This is a large national bank. If it can't organize a procedure like this internallly, how will it cope with Y2K surprises? I;m getting my money and I'm not telling THEM when.
-- John Littmann (email@example.com), May 26, 1999.
Strange things were happening at our bank. We have a business account and the teller has been dealing with us for over 15 years. We have a habit of withdrawing large amounts of money on a regular basis because, our business is buying from people (we need cash), nothing unusual. About 2 months or so ago we were at the bank making our usual withdrawal and the teller, who knows us and has never had a problem before had to leave and get the manager. She looked at us from a small distance and I heard her say "Give it to them". My friend called his bank and asked him if there would be any problem withdrawing his money. They told him there would be no problem, but to just remember, that any amount over $10,000.00 would have to be reported to the IRS. He told them that he didn't care, it's his money and he can do what he pleases with it, but they proceeded to remind him several more times, that it would be reported. Willa
-- Willa Herman (Pokergame@aol.com), May 27, 1999.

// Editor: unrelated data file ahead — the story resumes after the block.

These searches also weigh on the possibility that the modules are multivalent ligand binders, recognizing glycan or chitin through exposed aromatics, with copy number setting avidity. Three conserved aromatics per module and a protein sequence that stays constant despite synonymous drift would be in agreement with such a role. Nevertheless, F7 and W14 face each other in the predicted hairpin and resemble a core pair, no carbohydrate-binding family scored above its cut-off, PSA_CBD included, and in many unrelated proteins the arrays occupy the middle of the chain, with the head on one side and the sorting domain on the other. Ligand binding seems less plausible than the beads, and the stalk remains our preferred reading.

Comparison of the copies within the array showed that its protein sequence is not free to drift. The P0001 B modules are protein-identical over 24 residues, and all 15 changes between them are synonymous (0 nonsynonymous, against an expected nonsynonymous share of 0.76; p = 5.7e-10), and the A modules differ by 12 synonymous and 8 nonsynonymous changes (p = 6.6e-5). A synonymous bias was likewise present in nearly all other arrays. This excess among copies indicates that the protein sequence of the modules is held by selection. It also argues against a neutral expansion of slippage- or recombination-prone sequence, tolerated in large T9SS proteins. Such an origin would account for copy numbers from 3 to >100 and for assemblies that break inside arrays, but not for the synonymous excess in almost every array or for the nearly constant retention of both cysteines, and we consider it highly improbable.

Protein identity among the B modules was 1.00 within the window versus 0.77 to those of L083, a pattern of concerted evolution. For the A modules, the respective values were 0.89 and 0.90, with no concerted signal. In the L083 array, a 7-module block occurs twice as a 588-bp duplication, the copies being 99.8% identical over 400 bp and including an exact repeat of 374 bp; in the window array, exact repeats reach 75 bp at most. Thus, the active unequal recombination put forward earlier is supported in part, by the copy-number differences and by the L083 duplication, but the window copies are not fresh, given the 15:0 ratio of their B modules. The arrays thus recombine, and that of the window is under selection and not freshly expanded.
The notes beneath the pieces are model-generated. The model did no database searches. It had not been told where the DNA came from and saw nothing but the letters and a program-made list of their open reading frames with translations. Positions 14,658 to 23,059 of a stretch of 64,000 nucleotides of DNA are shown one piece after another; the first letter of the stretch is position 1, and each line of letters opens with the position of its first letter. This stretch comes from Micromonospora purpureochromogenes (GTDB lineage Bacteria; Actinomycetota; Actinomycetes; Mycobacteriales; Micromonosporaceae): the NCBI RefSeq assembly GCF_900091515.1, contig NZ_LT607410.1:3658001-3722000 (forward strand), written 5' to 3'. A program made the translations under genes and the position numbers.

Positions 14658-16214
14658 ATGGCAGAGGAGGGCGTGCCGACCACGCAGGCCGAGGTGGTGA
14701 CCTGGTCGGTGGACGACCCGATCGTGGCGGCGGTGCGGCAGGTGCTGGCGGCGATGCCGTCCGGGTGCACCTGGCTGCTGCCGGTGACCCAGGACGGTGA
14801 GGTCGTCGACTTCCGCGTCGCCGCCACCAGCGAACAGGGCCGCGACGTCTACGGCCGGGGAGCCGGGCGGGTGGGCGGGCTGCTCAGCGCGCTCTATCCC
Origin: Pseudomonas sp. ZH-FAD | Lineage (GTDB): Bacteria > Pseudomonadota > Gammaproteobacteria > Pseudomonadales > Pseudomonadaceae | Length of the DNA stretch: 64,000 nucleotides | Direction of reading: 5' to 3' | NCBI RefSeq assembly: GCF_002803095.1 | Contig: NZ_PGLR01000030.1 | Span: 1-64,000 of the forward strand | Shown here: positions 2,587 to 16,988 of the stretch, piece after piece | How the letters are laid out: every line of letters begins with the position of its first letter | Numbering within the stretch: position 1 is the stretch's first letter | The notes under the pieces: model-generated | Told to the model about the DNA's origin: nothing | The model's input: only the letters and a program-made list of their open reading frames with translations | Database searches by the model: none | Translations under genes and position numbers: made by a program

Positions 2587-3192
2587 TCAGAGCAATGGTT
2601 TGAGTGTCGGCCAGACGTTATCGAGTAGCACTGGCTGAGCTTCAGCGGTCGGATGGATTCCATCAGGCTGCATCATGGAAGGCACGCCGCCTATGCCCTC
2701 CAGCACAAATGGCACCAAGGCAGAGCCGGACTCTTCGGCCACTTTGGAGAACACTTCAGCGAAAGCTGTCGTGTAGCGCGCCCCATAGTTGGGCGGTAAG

John Littmann: Something similiar happened to me some months ago. The bank replaced my ATM card with a debit card w/o asking me (I don't want a debit card -- they're awful; if someone steals it, they can quickly empty your bank account). It took several phone calls & a day or two to re-instate my plain old ATM card, PIN number, etc. Bottom line: Banks screw up all the time, with or without y2k problems.
-- gimme (firstname.lastname@example.org), May 27, 1999.
I haven't seen a questionnaire yet but what do you think about this? My sister is a VP at a bank in the midwest. I've been discussing y2k with her for over a year. Her response is always the same... we're working hard and will be ready, nothing to fear. About a month ago I was back for a visit. I took a tour of her bank and asked what she thought about "bank runs". She replied, " Well.....we are telling everyone to leave there money in here where its safe." I pressed her about the money supply or lack there of. Then she said that her home office had just made an onsite inspection of her branch and was looking for places in the bank (outside the vault) where they could store the extra cash they were planning on sending to her branch in December. Someone besides us is planning ahead!
-- Gail (email@example.com), May 27, 1999.
Suggested questions the banksters could ask, additionally: